A book is a volume. A volume of content.
A volume is a mass. Or a void of specific extent.
Volume. late 14c., "roll of parchment containing writing, large book," from O.Fr. volume, from L. volumen (gen. voluminis) "roll (as of a manuscript), coil, wreath," from volvere "to turn around, roll" (see vulva). Meaning "book forming part of a set" (1520s) is from a sense in French. Generalized sense of "bulk, mass, quantity" (1620s) developed from that of "bulk or size of a book" (1520s), again following the sense evolution in the French version of the word.
Vol at turning.
V is a voiced labiodental fricative.
Features of the voiced labiodental fricative:
Its manner of articulation is fricative, which means it is produced by constricting air flow through a narrow channel at the place of articulation, causing turbulence.
Its place of articulation is labiodental, which means it is articulated with the lower lips and the upper teeth.
Its phonation is voiced, which means the vocal cords vibrate during the articulation.
It is an oral consonant, which means air is allowed to escape through the mouth only.
Because the sound is not produced with airflow over the tongue, the central–lateral dichotomy does not apply.
The airstream mechanism is pulmonic, which means it is articulated by pushing air solely with the lungs and diaphragm, as in most sounds.
The "vvvvvvvvvv" sound, vibrating between the lower lip and the upper front teeth. Followed by the deep hum of "uuuuuuuummmmmmmmme".
Grenier's habit of proposing the existence of a word as an object, an independent phenomenon [Gr.], asks that we separate the sound, the appearance and the (referential) meaning--as constituent parts of the structure of a linguistic unit (word)--from each other, and treat them as discrete aspects. Our focus on this has a vicarious quality, as if looking at single words, nakedly exposed, detached from the inherent connectivity of syntax and denotation/connotation, would yield up underlying modes of content, habitually ignored or suppressed in the inertia of reading.
For Grenier, the ultimate reification occurs in two possible places:
>The visual figure - ' marks in space ' - as a design of letters which we inherit from the tradition of accepted structured clichés.
>The aural figure - self-sounded oral performance which the syllables so/set enable.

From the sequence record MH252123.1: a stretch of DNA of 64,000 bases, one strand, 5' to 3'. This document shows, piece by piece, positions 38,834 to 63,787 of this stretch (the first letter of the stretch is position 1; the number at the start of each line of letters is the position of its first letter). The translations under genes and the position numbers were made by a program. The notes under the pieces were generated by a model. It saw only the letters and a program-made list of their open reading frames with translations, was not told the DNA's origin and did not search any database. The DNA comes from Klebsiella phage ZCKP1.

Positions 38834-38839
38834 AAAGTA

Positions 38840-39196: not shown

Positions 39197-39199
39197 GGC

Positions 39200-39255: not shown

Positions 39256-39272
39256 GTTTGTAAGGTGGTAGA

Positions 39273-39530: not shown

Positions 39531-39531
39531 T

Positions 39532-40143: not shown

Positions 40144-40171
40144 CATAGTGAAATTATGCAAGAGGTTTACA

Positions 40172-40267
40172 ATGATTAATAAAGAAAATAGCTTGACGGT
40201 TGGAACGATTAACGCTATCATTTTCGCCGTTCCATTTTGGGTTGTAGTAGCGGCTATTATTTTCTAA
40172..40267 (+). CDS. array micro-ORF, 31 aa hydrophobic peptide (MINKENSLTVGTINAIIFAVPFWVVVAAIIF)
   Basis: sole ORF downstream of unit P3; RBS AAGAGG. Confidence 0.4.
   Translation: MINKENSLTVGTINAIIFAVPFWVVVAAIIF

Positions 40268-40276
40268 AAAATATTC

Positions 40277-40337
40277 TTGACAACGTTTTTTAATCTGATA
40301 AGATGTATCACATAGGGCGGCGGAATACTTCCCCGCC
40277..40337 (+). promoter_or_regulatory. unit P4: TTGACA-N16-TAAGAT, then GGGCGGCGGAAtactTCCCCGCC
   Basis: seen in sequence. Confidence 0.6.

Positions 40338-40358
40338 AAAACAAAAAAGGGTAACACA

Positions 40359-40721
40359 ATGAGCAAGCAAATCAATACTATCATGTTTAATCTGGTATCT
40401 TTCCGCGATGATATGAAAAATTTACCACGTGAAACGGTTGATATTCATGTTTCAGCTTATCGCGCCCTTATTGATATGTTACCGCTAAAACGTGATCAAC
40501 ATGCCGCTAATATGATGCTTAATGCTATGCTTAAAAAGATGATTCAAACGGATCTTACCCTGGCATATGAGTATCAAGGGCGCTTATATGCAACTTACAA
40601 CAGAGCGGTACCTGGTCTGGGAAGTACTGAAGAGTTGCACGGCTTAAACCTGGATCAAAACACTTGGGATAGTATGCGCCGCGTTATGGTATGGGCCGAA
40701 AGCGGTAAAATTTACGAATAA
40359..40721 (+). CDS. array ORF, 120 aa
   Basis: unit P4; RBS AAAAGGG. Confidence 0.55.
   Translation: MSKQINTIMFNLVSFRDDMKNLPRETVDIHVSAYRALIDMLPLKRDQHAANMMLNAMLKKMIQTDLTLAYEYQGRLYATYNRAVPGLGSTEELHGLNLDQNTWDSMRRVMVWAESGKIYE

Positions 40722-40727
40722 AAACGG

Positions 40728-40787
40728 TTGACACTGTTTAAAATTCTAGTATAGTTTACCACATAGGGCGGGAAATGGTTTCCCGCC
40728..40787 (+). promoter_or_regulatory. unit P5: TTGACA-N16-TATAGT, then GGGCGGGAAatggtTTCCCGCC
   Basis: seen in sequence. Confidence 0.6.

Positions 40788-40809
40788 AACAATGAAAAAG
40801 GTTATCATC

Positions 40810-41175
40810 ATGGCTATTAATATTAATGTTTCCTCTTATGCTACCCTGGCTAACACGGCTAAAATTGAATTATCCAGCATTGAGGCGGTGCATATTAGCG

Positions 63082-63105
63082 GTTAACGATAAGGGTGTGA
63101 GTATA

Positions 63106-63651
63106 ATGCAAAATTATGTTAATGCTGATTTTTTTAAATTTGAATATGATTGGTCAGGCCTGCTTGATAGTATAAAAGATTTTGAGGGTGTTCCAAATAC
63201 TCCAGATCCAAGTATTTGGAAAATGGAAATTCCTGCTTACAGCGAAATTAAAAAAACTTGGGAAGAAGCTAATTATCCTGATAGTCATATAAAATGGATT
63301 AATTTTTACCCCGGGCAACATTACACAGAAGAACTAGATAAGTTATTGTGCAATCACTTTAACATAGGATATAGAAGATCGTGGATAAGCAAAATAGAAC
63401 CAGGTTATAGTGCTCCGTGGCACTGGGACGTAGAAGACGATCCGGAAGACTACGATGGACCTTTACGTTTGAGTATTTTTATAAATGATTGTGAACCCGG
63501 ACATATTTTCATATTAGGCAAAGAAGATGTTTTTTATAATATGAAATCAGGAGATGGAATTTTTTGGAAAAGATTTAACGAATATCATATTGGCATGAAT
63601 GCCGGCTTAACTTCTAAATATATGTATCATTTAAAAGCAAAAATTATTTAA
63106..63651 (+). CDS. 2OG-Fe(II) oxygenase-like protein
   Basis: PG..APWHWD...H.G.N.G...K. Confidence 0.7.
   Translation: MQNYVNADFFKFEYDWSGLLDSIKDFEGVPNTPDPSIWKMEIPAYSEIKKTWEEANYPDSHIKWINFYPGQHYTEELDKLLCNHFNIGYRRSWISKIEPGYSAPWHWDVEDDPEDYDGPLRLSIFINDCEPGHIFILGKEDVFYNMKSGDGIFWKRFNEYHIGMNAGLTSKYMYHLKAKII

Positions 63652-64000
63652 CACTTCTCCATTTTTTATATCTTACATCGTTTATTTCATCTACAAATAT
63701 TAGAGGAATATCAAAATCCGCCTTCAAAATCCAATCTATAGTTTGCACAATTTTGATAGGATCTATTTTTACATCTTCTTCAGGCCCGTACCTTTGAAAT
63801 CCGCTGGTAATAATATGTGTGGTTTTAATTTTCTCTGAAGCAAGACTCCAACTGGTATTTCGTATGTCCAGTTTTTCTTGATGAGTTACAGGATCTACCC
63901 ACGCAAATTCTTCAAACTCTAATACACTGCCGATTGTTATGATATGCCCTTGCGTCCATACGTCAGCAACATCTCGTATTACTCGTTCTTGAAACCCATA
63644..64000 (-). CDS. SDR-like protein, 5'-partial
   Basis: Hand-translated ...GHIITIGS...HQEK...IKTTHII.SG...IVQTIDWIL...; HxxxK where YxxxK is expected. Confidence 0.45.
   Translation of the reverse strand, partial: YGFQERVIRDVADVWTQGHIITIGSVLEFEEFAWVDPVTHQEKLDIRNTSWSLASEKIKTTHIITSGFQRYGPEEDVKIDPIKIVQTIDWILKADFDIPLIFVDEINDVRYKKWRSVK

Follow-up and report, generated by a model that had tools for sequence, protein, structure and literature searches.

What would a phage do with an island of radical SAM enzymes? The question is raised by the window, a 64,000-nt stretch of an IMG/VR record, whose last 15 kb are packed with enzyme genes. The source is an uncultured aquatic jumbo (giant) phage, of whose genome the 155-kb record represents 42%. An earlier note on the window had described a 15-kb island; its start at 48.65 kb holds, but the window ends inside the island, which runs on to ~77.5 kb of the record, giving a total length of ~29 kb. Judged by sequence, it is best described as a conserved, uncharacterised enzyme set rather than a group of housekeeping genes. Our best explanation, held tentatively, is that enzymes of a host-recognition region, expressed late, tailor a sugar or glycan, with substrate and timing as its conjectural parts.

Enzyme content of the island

The word VOLUME in Roman capitals. We see it and we hear it simultaneously. What qualities of apprehension occur in this process?
Personally, I experience the word as an echoing enclosure, deeply sounded, as of the inside of a distillation still, or enormous barrel, silo, empty warehouse space. Since the word volume means an extent of anything--filled or empty--the lack of a specific material reference suggests emptiness (an empty contain-ment/er). The heavy "ume" phoneme sweeps through this vacancy like a sheet of numinous oscillation. The V and Ume sounds are among the most vivid in the English language. Think of Poe's Ulalume. Williams's oo-la-loo-la-loooooom.
The sound of a jet overhead creates a "rooooooommmm!" sound--the feeling of being under such a considerable mass. Think of being under a vehicle as it "roarrrrrss" over you--"voooooommmmmm!" We are beneath powers, as under storms, thunder, things falling out of the sky, thunder. There's a scientific purity to the word which resists ambiguity--a fitting limit to its elaboration. Compare it, for instance, to a word like pinochle--which is almost like a rare jungle bird. VOLUME has all the chirrupy suggestiveness of a steel nail.
How do words work? Or, rather, what are the connections between the meanings assigned to certain sounds, and our apprehension of their underlying suggestiveness as independent segments of language? Music is organized sound, but language is organized music and defined meaning conjoined. The attachment of connotative triggers suggests that there is a whole universe of reference echoing within a given population of speakers. The vacuum of mind sucks up the stray usages and expressions, saved within unconscious memory, in the vastness of the world-bank-trust. Welcome to the party.